Stat of the Day – May 9, 2017

May 9, 2017

Food Allergy Action Month

May 11, 2015

May is Food Allergy Action Month.  Food allergy is a potentially serious immune response to eating specific foods or food additives. Eight types of food account for over 90% of allergic reactions in affected individuals: milk, eggs, peanuts, tree nuts, fish, shellfish, soy, and wheat.  Reactions to these foods by an allergic person can range from a tingling sensation around the mouth and lips and hives to death, depending on the severity of the allergy. The mechanisms by which a person develops an allergy to specific foods are largely unknown.

Food allergy is more prevalent in children than adults, and a majority of affected children will “outgrow food” allergies with age. However, food allergy can sometimes become a lifelong concern.

Among children under 17 years old, the prevalence of food allergies increased from 3.4% in 1997– 1999 to 5.1% in 2009–2011.  Hispanic children had a lower prevalence of food allergy compared with non-Hispanic white and non-Hispanic black children.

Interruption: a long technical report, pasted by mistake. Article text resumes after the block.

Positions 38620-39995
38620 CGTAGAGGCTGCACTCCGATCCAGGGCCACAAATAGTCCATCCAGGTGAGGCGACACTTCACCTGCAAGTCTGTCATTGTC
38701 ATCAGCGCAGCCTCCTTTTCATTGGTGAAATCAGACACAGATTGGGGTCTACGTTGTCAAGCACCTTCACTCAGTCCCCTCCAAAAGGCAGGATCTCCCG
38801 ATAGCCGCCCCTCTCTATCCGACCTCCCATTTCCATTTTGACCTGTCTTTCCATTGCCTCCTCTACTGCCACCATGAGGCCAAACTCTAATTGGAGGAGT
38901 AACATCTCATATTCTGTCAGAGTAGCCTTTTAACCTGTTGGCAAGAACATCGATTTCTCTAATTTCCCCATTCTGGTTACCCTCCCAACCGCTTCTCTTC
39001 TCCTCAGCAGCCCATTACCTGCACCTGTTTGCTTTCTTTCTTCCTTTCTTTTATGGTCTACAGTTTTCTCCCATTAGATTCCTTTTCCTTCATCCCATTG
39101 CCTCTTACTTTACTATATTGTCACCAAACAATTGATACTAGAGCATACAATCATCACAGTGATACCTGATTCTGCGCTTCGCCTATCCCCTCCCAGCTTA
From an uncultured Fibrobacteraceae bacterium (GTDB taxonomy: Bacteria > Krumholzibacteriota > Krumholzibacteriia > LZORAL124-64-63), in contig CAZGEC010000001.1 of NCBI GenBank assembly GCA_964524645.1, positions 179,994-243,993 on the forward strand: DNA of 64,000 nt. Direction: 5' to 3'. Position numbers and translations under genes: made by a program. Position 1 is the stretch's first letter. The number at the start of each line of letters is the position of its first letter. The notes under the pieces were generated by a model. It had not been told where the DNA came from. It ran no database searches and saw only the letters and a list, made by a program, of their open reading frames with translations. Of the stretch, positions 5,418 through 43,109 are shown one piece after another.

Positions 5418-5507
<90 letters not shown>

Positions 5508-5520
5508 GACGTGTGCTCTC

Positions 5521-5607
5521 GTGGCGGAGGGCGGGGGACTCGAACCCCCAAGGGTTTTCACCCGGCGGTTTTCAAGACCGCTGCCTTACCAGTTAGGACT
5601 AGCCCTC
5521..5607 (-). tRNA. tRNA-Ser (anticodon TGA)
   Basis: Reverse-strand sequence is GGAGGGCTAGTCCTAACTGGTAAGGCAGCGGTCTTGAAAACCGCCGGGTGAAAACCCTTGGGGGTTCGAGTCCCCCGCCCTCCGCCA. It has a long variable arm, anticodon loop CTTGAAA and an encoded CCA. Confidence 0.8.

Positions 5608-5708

The prevalence of food allergy increased with income level. Among children with family income less than 100% of the poverty level, 4.4% had a food allergy. Food allergy prevalence among children with family income between 100% and 200% of the poverty level was 5%.

From 2004 to 2006, there were approximately 9,500 hospital discharges per year with a diagnosis related to food allergy among children under age 18 years.

For More Information:

A brief look at asthma

November 5, 2008

Two weeks ago, NCHS released a report concerning the prevalence of food allergies in children. In this report, the authors reported that “children with food allergy are two to four times more likely to have other related conditions such as asthma and other allergies, compared with children without food allergies.” According to the report, about 3 million children have food allergies. However, statistics show that asthma affects almost 7 million children, and asthma rates more than doubled between the 1980s and 1990s. The cause of the condition, like food allergies, is still relatively uknown (Advance Data 381).

For more Asthma statistics, click here.